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Health Promot J Austr. 2012 Apr;23(1):10-5.

Tooty Fruity Vegie: an obesity prevention intervention evaluation in Australian preschools.

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  • 1Health Promotion, Northern New South Wales Local Health District, Lismore.



This paper presents the findings from a cluster randomised controlled evaluation of a preschool-based intervention (children aged 3-6 years), on the North Coast of NSW, which aimed to decrease overweight and obesity prevalence among children by improving fundamental movement skills (FMS), increasing fruit and vegetable intake and decreasing unhealthy food consumption.


The Tooty Fruity Vegie in Preschools program was implemented in 18 preschools for 10 months during 2006 and 2007. It included nutrition and physical activity strategies. Pre and post intervention evaluation compared intervention and control children and was conducted at the beginning and end of each year. It included FMS testing, lunch box audits and anthropometric measures of children as well as parents' surveys regarding children's food intake, physical activity and sedentary behaviours.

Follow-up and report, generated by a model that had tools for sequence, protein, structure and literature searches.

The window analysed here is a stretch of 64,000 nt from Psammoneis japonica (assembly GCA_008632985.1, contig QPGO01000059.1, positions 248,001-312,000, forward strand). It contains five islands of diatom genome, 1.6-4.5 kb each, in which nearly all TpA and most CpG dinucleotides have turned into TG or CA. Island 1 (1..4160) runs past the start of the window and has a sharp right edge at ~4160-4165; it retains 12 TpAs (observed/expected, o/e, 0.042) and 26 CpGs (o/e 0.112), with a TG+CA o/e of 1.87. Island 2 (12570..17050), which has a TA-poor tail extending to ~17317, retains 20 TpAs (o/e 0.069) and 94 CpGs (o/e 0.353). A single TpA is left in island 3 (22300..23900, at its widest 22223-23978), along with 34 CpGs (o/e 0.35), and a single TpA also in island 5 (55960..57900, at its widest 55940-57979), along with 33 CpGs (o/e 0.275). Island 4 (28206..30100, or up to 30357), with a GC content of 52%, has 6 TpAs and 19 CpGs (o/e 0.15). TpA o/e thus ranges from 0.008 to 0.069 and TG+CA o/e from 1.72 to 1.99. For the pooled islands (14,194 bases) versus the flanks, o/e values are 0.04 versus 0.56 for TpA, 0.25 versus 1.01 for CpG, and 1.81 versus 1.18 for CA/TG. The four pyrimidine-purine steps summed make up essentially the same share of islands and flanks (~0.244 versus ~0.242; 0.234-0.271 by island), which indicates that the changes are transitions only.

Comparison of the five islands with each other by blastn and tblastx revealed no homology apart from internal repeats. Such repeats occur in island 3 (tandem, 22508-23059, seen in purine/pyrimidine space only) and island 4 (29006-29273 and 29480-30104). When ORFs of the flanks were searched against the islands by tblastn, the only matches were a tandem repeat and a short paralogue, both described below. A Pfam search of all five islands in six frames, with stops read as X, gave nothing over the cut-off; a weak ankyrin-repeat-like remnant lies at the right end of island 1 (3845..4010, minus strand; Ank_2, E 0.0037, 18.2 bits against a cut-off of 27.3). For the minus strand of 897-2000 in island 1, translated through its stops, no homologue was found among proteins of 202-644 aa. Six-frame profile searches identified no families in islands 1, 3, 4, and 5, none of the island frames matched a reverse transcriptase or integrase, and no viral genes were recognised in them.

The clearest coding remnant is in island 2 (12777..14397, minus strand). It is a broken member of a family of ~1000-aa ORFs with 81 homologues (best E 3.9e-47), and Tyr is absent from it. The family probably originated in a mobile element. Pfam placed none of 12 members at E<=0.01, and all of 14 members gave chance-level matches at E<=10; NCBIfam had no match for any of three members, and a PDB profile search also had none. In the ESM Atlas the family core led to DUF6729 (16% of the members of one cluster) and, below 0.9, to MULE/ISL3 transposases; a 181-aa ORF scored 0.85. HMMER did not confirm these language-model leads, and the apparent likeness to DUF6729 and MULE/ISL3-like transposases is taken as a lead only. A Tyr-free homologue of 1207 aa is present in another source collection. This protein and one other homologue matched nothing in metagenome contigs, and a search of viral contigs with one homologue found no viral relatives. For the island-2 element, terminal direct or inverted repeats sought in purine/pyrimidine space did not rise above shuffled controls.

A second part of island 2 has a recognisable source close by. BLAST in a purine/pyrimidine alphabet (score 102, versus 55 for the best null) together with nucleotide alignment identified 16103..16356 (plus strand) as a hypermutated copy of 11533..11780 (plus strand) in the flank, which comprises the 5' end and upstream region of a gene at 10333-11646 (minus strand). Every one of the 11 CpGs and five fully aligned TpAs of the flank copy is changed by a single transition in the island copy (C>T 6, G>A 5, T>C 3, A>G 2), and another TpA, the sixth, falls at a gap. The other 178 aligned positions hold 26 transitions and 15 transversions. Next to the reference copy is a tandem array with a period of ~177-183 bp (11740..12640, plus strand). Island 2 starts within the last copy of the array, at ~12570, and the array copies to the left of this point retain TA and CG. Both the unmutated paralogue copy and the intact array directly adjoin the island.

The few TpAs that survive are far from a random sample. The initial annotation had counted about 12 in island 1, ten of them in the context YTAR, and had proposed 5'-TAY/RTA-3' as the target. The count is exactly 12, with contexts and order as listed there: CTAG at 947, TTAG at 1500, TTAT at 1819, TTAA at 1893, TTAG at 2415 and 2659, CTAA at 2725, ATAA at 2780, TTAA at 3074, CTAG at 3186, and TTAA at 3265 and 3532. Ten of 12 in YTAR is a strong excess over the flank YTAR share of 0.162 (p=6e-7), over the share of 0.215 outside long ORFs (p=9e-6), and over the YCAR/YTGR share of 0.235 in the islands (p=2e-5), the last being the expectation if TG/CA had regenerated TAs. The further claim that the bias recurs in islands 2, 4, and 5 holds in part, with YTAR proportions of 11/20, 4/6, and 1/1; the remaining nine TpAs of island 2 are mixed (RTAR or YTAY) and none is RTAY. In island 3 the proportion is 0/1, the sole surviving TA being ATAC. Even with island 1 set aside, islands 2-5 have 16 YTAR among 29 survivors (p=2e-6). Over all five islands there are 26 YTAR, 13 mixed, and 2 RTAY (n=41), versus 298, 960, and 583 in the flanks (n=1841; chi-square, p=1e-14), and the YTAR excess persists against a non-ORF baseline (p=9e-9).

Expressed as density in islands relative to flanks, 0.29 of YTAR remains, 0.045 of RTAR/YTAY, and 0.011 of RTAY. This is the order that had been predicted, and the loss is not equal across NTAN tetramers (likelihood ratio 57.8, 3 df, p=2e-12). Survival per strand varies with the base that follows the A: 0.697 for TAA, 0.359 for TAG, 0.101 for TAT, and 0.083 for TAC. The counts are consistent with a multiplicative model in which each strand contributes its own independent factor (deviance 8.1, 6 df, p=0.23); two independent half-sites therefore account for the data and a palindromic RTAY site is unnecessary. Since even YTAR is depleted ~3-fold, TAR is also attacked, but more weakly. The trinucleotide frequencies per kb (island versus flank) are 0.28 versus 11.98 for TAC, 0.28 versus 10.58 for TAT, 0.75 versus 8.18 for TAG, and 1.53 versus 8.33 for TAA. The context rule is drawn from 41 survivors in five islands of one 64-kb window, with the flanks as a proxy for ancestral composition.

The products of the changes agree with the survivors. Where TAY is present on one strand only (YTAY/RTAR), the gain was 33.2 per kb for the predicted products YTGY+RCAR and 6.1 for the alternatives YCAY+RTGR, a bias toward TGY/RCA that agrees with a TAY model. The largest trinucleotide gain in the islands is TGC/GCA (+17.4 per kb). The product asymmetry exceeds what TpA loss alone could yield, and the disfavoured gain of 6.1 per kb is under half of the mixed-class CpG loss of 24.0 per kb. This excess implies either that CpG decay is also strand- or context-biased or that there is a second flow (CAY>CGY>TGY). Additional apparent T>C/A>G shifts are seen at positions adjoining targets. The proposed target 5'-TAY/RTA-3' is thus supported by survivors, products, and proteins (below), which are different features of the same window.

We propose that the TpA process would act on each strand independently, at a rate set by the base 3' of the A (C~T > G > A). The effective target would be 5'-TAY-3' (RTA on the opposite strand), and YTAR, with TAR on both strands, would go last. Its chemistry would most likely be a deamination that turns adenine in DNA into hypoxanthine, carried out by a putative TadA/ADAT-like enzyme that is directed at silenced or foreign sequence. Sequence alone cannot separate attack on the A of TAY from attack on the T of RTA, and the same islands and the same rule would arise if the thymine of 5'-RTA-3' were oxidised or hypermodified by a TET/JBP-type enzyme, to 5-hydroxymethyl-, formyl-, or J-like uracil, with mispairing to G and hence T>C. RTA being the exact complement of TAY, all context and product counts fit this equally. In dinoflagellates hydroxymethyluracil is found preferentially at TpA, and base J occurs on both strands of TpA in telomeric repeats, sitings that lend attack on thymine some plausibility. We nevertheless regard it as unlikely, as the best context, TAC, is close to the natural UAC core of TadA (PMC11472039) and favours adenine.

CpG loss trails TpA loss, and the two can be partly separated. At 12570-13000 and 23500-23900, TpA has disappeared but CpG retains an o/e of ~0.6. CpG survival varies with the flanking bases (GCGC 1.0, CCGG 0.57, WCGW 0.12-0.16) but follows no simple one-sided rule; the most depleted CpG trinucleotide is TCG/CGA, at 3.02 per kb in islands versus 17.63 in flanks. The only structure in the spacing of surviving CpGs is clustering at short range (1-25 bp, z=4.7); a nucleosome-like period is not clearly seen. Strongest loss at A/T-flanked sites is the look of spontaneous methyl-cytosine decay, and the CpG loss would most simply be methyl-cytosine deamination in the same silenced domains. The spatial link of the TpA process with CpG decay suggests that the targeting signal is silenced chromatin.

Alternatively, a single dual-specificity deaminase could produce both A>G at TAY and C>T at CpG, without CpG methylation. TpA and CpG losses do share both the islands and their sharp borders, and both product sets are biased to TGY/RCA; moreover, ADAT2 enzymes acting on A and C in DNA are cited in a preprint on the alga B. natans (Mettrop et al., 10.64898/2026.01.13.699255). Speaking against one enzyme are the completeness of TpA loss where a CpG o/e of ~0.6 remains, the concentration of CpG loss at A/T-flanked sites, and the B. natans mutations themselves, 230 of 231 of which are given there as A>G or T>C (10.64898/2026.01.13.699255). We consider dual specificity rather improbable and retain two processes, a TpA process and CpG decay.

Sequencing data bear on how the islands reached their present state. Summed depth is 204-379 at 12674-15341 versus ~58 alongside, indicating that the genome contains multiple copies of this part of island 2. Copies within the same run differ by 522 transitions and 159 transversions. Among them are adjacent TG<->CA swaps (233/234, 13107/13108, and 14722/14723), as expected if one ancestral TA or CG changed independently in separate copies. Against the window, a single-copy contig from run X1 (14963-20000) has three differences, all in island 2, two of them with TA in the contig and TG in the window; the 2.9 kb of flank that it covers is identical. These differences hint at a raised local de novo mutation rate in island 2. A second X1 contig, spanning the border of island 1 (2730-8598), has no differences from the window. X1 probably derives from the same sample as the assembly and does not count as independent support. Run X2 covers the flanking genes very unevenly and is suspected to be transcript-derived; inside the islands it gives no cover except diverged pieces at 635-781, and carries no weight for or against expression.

In comparison to controls, children in intervention preschools significantly improved movement skills (14.79 units, p<0.001), had more fruit and vegetable serves (0.63 serves, p=0.001) and were less likely to have unhealthy food items (p<0.001) in their lunch boxes following the intervention. There was also a significant difference in waist circumference growth (-0.80 cm, p=0.002) and a reduction of BMI Z scores (-0.15, p=0.022).


The 10-month intervention in preschools produced significant changes in children's food intake, movement skills and indicators of weight status.

[PubMed - indexed for MEDLINE]
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